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Politics

Newsletter: Essential Politics: Nevada caucus results show Trump keeps ‘winning, winning, winning’

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(LAT)

I’m Christina Bellantoni, the Essential Politics host today. Let’s get started.

There were a lot of timelines being thrown around Tuesday night, before even one-third of the Nevada caucus results were tallied.

Donald Trump got it started, proclaiming, “It’s going to be an amazing two months. We might not even need the two months.”

He was both verbalizing the reality — if he indeed keeps “winning, winning, winning,” he could be the nominee in three weeks — and putting into words a fear that has been percolating in some Republican circles — that he’s unstoppable.

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In his own speech, before knowing if he’d claimed the runner-up or third place slot, Sen. Ted Cruz had a prediction of his own: “One week from today will be the most important night of this campaign.”

What this means is that the campaigns are looking at the calendar, and the 12 contests Tuesday with piles of delegates at stake. Cruz made clear his strategy is to remind voters he’s the only hopeful who has beaten Trump, which makes his home state of Texas a must-win in six days.

The Super Tuesday contests span from Massachusetts to Alaska, and we’ll be helping you keep track of what’s at stake and who’s on top.

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In the meantime, check out the full results from the Nevada caucuses and catch up on what you missed as the candidates bid Nevada farewell.

WHAT’S NEXT FOR RUBIO?

With a finish far behind Trump, Sen. Marco Rubio never appeared before supporters to give a speech. Fox News reported he had “gone to bed.”

Lisa Mascaro details how Republican leaders have launched a full-scale scramble to unify the party around the charismatic young senator as the GOP’s only hope for stopping Trump. Just one problem: Rubio’s no-win primary season.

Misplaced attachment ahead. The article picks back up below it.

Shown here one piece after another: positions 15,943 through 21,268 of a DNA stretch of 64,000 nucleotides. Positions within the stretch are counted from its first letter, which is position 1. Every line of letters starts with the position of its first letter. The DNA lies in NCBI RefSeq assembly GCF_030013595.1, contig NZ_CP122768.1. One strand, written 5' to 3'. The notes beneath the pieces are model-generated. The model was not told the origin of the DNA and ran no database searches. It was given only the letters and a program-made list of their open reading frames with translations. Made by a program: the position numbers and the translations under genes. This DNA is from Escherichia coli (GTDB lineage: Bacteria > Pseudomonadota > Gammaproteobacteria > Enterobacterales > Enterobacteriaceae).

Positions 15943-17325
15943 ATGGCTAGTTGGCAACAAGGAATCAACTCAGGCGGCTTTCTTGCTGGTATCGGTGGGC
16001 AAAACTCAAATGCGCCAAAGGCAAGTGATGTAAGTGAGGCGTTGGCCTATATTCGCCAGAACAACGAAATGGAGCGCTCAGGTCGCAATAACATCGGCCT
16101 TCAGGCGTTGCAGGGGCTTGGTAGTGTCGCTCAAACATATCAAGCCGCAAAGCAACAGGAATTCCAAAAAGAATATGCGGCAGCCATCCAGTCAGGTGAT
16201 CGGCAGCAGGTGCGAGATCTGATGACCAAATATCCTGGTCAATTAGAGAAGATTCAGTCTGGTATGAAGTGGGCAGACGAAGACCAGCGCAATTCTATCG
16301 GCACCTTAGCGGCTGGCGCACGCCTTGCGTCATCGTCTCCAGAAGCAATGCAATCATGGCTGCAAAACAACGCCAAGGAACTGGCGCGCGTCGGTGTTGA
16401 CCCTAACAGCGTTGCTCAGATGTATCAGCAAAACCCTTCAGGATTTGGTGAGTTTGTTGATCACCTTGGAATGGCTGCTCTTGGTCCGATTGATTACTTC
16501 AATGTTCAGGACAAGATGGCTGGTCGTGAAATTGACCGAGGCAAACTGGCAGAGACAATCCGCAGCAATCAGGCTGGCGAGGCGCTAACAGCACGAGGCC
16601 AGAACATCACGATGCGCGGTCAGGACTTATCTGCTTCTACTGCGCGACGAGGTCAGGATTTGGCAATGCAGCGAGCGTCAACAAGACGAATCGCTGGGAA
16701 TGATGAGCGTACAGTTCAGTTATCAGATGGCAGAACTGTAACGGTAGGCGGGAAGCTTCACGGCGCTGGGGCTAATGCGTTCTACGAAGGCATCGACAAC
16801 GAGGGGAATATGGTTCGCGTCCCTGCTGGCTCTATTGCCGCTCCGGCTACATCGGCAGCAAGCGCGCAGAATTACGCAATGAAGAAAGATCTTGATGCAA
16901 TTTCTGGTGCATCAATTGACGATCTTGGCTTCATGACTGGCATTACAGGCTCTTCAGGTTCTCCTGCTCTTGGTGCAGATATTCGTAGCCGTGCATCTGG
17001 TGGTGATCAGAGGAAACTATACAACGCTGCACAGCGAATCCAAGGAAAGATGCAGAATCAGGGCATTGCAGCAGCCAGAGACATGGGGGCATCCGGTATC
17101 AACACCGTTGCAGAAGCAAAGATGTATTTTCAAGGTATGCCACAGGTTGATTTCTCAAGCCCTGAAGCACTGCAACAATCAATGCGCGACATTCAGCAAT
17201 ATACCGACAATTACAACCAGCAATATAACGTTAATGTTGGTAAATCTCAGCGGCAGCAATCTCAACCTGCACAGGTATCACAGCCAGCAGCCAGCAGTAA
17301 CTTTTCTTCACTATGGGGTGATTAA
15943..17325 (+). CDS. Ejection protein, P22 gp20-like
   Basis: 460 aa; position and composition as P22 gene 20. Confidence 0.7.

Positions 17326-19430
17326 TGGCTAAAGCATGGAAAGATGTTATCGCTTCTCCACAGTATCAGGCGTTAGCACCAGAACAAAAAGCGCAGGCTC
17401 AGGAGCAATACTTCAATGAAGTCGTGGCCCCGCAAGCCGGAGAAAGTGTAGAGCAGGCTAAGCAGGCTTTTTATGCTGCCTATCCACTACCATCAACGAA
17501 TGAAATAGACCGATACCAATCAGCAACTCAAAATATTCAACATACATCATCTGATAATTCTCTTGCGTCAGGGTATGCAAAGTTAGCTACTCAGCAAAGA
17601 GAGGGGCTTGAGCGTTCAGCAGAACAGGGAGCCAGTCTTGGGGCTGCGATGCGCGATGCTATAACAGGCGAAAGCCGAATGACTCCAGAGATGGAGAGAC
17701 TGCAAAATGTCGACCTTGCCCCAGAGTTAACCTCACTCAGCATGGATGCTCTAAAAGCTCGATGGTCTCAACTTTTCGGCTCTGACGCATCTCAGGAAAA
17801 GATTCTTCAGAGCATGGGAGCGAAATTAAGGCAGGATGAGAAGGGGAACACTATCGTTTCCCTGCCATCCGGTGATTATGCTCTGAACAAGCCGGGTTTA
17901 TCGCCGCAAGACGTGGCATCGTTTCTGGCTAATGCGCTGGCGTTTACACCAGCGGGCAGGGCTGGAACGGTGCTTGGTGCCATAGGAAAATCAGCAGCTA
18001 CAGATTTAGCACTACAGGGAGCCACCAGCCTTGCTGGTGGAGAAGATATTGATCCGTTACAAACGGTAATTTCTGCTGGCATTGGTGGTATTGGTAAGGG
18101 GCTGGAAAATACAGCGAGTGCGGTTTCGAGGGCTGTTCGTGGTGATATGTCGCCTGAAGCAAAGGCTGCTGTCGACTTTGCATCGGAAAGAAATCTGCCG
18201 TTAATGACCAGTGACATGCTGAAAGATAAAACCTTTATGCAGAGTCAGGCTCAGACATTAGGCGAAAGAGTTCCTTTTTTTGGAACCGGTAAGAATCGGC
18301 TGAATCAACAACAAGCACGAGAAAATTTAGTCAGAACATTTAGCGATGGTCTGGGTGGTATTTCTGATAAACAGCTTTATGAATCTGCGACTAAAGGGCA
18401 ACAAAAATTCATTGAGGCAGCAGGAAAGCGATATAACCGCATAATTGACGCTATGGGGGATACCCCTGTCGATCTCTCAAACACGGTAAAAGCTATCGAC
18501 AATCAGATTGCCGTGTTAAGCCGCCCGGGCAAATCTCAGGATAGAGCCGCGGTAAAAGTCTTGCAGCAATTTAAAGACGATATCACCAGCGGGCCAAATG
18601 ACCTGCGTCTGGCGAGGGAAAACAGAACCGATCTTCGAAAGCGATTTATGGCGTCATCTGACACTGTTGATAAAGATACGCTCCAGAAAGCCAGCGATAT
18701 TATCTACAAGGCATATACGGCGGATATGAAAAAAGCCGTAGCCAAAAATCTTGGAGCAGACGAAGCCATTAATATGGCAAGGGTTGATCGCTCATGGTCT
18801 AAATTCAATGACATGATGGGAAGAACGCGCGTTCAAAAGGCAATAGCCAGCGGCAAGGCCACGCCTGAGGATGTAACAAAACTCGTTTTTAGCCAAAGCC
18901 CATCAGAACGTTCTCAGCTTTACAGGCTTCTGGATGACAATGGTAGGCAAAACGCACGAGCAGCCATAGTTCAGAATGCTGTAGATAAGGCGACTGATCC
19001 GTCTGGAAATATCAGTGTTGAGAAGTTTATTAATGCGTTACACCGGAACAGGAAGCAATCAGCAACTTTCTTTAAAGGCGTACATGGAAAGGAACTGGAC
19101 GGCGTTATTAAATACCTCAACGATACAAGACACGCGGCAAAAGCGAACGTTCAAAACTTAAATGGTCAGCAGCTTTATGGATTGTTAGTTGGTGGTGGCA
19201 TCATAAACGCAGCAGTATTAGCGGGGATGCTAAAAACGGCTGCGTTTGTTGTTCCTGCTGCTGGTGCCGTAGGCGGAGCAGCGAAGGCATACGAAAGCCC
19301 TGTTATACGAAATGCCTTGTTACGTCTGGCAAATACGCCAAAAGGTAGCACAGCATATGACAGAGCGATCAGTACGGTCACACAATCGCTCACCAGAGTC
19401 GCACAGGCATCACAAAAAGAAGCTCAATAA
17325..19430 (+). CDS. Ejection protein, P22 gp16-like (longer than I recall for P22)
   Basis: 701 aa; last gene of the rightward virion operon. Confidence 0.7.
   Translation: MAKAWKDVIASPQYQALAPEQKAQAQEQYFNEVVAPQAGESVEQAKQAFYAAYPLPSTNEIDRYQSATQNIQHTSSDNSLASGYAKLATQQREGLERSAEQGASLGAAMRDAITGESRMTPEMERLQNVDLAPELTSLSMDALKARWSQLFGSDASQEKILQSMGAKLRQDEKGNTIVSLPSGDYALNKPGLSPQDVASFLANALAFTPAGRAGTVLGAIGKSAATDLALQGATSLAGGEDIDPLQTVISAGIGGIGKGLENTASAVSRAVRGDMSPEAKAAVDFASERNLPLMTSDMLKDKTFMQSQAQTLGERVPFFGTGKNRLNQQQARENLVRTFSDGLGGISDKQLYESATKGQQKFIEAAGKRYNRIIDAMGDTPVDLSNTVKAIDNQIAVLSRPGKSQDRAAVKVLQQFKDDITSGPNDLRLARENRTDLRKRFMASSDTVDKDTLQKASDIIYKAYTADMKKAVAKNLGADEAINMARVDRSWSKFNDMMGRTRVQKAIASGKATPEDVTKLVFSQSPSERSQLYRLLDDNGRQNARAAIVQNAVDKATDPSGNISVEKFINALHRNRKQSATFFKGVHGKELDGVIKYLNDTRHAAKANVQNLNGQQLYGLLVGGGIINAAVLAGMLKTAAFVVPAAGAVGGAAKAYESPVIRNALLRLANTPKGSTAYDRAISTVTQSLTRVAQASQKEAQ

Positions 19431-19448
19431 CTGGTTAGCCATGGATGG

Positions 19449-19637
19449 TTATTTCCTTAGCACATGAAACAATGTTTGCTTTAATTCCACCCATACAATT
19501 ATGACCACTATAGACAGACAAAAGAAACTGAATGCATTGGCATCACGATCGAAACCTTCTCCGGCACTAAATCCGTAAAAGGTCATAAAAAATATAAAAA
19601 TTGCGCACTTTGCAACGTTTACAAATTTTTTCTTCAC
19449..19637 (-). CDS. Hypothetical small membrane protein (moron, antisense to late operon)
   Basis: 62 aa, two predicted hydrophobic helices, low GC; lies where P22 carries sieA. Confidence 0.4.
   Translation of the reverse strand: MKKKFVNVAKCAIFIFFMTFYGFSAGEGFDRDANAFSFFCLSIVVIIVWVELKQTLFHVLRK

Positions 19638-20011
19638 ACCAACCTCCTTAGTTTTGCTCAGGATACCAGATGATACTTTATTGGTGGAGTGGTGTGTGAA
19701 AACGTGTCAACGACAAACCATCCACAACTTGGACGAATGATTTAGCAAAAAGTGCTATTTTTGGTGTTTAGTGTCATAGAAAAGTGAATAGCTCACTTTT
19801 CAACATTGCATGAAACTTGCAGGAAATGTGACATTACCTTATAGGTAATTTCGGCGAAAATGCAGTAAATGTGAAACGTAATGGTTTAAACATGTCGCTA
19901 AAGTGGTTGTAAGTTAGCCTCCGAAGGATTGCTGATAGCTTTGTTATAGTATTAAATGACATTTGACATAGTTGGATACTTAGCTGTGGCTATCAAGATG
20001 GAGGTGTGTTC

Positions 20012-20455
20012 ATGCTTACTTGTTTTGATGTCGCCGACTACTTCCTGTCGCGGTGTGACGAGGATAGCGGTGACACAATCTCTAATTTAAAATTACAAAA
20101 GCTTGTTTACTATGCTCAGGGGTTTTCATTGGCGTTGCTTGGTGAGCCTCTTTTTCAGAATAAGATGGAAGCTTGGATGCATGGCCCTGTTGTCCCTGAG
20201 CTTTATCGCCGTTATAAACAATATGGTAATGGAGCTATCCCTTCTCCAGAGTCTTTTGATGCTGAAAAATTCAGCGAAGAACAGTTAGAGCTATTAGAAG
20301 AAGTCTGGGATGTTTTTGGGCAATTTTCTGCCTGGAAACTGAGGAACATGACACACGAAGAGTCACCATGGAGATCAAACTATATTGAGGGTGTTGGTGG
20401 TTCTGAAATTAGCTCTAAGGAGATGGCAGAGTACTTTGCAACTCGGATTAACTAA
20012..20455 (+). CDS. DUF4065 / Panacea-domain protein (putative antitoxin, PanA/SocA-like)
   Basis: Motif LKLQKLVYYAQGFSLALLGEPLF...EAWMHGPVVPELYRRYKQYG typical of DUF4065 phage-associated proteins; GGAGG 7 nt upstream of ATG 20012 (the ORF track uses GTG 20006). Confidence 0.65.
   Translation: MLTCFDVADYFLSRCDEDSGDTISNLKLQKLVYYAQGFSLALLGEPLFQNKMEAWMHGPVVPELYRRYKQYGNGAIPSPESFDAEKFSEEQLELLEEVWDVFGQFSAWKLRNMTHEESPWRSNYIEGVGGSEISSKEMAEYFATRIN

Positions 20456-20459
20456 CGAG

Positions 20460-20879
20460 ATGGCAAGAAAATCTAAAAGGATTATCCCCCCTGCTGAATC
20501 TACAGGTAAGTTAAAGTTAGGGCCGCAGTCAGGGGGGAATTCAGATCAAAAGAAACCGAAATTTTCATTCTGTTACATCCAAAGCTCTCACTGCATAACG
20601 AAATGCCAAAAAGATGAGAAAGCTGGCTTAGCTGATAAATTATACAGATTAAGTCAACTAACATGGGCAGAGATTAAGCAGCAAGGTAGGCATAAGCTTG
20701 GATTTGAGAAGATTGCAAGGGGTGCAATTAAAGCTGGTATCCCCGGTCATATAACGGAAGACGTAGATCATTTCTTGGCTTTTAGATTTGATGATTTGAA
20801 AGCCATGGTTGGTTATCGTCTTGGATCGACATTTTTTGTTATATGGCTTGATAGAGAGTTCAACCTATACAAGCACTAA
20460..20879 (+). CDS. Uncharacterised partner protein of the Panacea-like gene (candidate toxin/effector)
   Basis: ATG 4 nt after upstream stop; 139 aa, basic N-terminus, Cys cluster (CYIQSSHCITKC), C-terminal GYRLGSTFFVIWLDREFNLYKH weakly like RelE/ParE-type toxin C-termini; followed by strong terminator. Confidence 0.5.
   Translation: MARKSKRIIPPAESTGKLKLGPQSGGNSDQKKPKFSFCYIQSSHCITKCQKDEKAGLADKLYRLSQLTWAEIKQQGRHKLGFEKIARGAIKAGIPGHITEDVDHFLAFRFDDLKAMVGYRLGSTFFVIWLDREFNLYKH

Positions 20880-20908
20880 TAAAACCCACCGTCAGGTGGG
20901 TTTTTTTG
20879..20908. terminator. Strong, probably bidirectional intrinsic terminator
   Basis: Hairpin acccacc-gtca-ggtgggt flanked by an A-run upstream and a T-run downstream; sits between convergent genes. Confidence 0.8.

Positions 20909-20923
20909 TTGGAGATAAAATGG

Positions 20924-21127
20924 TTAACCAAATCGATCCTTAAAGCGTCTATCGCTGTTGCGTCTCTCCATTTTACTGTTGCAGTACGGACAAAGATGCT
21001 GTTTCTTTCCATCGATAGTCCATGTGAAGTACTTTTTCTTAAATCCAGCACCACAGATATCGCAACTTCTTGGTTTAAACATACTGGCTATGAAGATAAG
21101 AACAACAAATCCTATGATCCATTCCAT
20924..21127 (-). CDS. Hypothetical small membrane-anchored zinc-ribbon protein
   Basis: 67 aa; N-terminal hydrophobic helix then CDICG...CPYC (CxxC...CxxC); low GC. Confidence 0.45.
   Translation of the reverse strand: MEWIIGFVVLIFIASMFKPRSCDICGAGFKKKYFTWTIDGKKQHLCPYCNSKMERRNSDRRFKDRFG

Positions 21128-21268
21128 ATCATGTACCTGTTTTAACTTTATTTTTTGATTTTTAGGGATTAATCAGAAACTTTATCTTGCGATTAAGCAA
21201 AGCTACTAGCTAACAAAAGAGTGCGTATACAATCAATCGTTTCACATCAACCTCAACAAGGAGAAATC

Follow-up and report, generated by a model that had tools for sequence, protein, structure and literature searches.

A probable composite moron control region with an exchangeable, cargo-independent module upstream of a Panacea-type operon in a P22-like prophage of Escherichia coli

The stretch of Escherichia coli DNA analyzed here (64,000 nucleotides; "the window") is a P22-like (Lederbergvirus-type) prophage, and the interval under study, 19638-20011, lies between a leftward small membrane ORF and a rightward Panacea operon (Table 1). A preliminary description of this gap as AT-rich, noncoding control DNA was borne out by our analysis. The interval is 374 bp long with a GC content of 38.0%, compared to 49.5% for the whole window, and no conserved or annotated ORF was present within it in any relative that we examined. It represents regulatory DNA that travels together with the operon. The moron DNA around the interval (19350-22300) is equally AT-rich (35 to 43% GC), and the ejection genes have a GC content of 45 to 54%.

WHY A LOS ANGELES CONGRESSWOMAN IS TALKING ABOUT AFRICA

Sarah Wire reports on how Rep. Karen Bass (D-Los Angeles) uses breakfast meetings with African immigrants and ambassadors to shape U.S. policy toward the continent.

Bass said it’s best when the people have a voice in the policy that affects them. “In community organizing, you believe that the best policy is made by having those people that are most affected by the policy at the table. It’s not rocket science. If you do policy in a vacuum it can have unintended consequences,” she said.

But it’s the diversity of her own district that has inspired her to focus on Africa.

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FAMILY LEAVE CHANGES AHEAD

Melanie Mason reports on how presidential campaign rhetoric has put a measure to make the state program for family leave more lucrative for workers on the fast track in the Legislature.

ARGUING OVER GITMO

Republicans made clear they don’t support President Obama’s attempt to finally meet his 2008 campaign pledge and close the Guantanamo Bay prison. Obama sent Congress a plan Tuesday to transfer up to 60 terrorism suspects to a yet unnamed U.S. prison.

TODAY’S ESSENTIALS

— On our editorial pages, Jonah Goldberg suggests a Cruz-Rubio ticket to stop Trump.

— Matt Pearce looks at the fight over transgender bathrooms in North Carolina.

Listen to Spike Lee’s Bernie Sanders endorsement.

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House Minority Whip Steny Hoyer dropped in on California last week, stumping for a handful of California Democrats facing competitive races, reports Christine Mai-Duc. They included three Democratic members and several challengers. Hoyer attended fundraisers for Michael Eggman, an almond farmer hoping to unseat Rep. Jeff Denham (R-Turlock), and Jimmy Panetta, who’s running for the seat that will be vacated by the retirement of Rep. Sam Farr.

— Eight years after Obama was nominated, the president’s race is still front and center. Colleen Shalby breaks it down in light of the latest remarks from presidential hopeful Ben Carson.

— Evan Halper details the latest in Hillary Clinton’s email problems, as a federal judge ruled that aides to the former secretary of State should be questioned in a lawsuit that alleges the private server set up in her home may have been intended to dodge federal transparency laws.

LOGISTICS

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